The upside is he is selling in what’s probably close to the peak of the market, and he had owned his house over two years, so he wouldn’t have any capital gains on the nearly $100,000 he would make in selling. 

“Find me another house” he said, “and let’s do this.”  So that is what we did, we found another house that needs a little work, and he is on his way to solidifying that financial move. Pretty good reason for selling.

Some buyers would hesitate at purchasing his home, stating he is going to make $100,000.  He can obviously accept less; he doesn’t need to make that kind of money. It would amaze you how often it happens that the amount a seller is going to make would affect a person’s decision on purchasing or not purchasing a home. The value of the home is what the home is worth and keeping that in my buyer client’s mind is always a priority. Let’s not worry about the reason that someone is selling or how much they are making.

Some good reasons that buyers may want to know why they are selling is if the neighborhood is dangerous, there are issues with association and a large assessment is looming in the future, and the list goes on for miles. These are all things that a good buyer’s agent will research for you so that you can make an informed decision based on facts. My point is that there are multiple reasons sellers want to sell. You are better off making your decision to purchase a home based on solid research, assistance from an experienced broker, and your own personal desires for a new home. 

If you are thinking about purchasing a home this spring or summer, one of the first steps is finding an experienced broker that you are comfortable working with to help you through this process. 

This article written by Matthew Trudel- Broker/Owner Five Star Realty, Windham 207-939-6971

Friday, April 5, 2019

Are you ready for home ownership?

By Rick Yost

One of the lessons we are taught early in life is the value of home ownership. We are taught that it is a goal we should all strive for and accomplish as soon as possible. The younger the better. But the rules have changed a bit. It is time to evaluate whether you are ready to buy a home or not and there are several questions you must ask yourself to determine your readiness. The trick is to answer the questions honestly.

Can I afford it?  

You can find mortgage calculators on line everywhere. Find one and plug in some base numbers such as how much you have for a down payment, what current interest rates are, what homes you would want to own cost in your area and get an estimated payment. Did you get sticker shock?  If yes, you’re not ready. The truth is - interest rates are low, and rents are high. You may be able to afford more mortgage than you think.  

Do you know the true costs of buying a home?  

You have the down payment, but there are many other costs associated with closing on a home. You will want a home inspection. Your mortgage company will require an appraisal, pre-paid property taxes, pre-paid mortgage insurance, title insurance, and an origination fee.  You also must pay the title company to do your title search, have a mortgage survey done, handle the closing. All these costs add up quickly to thousands of dollars. If you’re ready to buy a home, you will have these costs saved also.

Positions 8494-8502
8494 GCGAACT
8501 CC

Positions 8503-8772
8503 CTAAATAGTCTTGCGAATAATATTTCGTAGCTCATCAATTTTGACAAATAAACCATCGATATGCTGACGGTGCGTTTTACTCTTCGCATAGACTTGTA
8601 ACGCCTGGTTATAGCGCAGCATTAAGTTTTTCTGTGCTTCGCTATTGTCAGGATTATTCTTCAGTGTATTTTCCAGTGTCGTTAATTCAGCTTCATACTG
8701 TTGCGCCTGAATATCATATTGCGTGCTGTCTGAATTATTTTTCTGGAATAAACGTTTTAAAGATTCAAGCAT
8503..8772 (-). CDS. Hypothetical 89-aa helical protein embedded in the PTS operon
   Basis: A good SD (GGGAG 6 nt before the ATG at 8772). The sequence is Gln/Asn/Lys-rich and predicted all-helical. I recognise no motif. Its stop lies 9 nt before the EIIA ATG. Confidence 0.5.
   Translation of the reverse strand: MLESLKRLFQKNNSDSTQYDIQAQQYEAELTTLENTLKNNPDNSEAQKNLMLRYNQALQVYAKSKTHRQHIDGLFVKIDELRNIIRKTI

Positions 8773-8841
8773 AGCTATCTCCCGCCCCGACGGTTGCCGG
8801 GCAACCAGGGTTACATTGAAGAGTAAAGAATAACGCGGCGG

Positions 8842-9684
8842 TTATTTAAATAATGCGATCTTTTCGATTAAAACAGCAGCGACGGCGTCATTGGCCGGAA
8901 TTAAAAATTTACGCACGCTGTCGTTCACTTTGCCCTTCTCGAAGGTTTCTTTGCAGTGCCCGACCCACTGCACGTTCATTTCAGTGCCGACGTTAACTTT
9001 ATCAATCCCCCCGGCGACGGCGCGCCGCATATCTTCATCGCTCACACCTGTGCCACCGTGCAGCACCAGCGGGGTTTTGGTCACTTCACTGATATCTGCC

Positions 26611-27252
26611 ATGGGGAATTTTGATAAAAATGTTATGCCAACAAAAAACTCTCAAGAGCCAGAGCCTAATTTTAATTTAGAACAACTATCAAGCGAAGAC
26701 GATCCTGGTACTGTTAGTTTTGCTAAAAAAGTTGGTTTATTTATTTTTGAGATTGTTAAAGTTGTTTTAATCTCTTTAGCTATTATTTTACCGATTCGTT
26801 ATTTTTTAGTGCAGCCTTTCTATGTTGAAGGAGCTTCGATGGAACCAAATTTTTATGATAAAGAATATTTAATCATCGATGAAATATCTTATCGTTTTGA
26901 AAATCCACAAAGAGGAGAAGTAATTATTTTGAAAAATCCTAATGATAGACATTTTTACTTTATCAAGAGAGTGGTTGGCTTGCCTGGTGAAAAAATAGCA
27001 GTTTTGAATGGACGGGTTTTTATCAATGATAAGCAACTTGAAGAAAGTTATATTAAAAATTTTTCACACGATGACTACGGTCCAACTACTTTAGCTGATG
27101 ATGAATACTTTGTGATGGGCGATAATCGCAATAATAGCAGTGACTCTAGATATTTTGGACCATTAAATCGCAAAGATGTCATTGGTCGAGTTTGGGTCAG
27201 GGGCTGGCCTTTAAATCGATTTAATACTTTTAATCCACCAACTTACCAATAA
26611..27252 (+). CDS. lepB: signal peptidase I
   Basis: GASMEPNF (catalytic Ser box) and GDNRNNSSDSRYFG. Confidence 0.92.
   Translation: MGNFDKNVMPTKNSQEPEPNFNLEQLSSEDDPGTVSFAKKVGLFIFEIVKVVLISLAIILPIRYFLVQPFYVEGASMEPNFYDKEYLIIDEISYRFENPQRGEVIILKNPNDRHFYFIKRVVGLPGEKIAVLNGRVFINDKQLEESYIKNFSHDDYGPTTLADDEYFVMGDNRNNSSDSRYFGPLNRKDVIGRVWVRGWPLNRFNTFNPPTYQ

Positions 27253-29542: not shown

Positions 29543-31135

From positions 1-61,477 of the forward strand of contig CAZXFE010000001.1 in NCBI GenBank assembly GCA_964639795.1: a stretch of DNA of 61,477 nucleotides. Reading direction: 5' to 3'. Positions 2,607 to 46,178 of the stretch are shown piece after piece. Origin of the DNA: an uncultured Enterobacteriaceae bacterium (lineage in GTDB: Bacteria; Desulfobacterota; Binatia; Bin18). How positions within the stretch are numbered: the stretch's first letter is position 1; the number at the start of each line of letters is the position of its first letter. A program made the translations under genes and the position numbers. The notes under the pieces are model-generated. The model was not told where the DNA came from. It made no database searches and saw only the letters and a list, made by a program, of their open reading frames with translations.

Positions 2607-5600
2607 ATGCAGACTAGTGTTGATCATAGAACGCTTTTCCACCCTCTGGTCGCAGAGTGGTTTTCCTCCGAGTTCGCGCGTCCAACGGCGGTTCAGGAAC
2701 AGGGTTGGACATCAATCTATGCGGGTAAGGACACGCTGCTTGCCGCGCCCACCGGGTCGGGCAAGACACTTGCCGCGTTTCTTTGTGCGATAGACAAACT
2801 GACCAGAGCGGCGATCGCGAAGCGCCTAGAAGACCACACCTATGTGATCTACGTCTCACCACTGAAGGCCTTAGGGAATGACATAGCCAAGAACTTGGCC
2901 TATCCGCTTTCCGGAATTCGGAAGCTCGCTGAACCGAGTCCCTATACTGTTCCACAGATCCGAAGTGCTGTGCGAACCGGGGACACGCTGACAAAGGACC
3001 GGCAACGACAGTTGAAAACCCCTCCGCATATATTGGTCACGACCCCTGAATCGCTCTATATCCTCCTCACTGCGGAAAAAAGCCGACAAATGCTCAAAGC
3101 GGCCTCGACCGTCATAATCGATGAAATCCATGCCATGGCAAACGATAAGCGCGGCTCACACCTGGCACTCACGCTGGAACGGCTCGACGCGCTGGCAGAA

Do you have some extra? 

It is important to have a small emergency fund on top of your other expenses associated with buying a house. Emergencies happen, and you should have a savings account just for them.  Many things can pop up when first moving into a house, it is important to have the ability to cover those expenses when they arise.

Is the home going to be an investment?  

A home can be a fine investment, but it is not very liquid. Your ability to pull profits from a home are limited. There may be better places to put your money in the short or even long run if you are simply looking for an investment vehicle. Make sure you are buying a home to be a home. It is the only way you know the cost is justified.

Those are the tough money questions that you should ask yourself prior to purchasing a home.  There other questions that are very important but these are more personal and emotional questions you must consider as well.

Are you going to be happy living in that area for the next five to ten years minimum?  

Buying a home is very much a commitment to an area and its school system if you have or are having kids. As your life changes, will the area meet your wants and needs.  A condo in the Old Port at 25 might be great, at 35, not as much, and at 45, no thanks. If your job is not stable, your interests are ever changing, or you yearn for far-away places, you are probably not ready to buy a home.
Are you going to have time to care for a home? 

Maintaining a home is a commitment that costs either time or money;  a lawn to mow, snow to shovel, repairs to be made, and general upkeep to do. If you are not ready to make that type of time or money commitment, you are probably not ready to buy a home.

Are you buying for the right reasons?  

Homeownership is not for everyone. You shouldn’t buy just because you are a certain age or making a certain income. We have always been told that homeownership is the goal, but maybe it shouldn’t be your goal. At least, not right now.

Rick is a realtor, real estate author, and long-time Windham resident.  You can reach Rick with all you real estate questions and needs at rickyost63@gmail.com.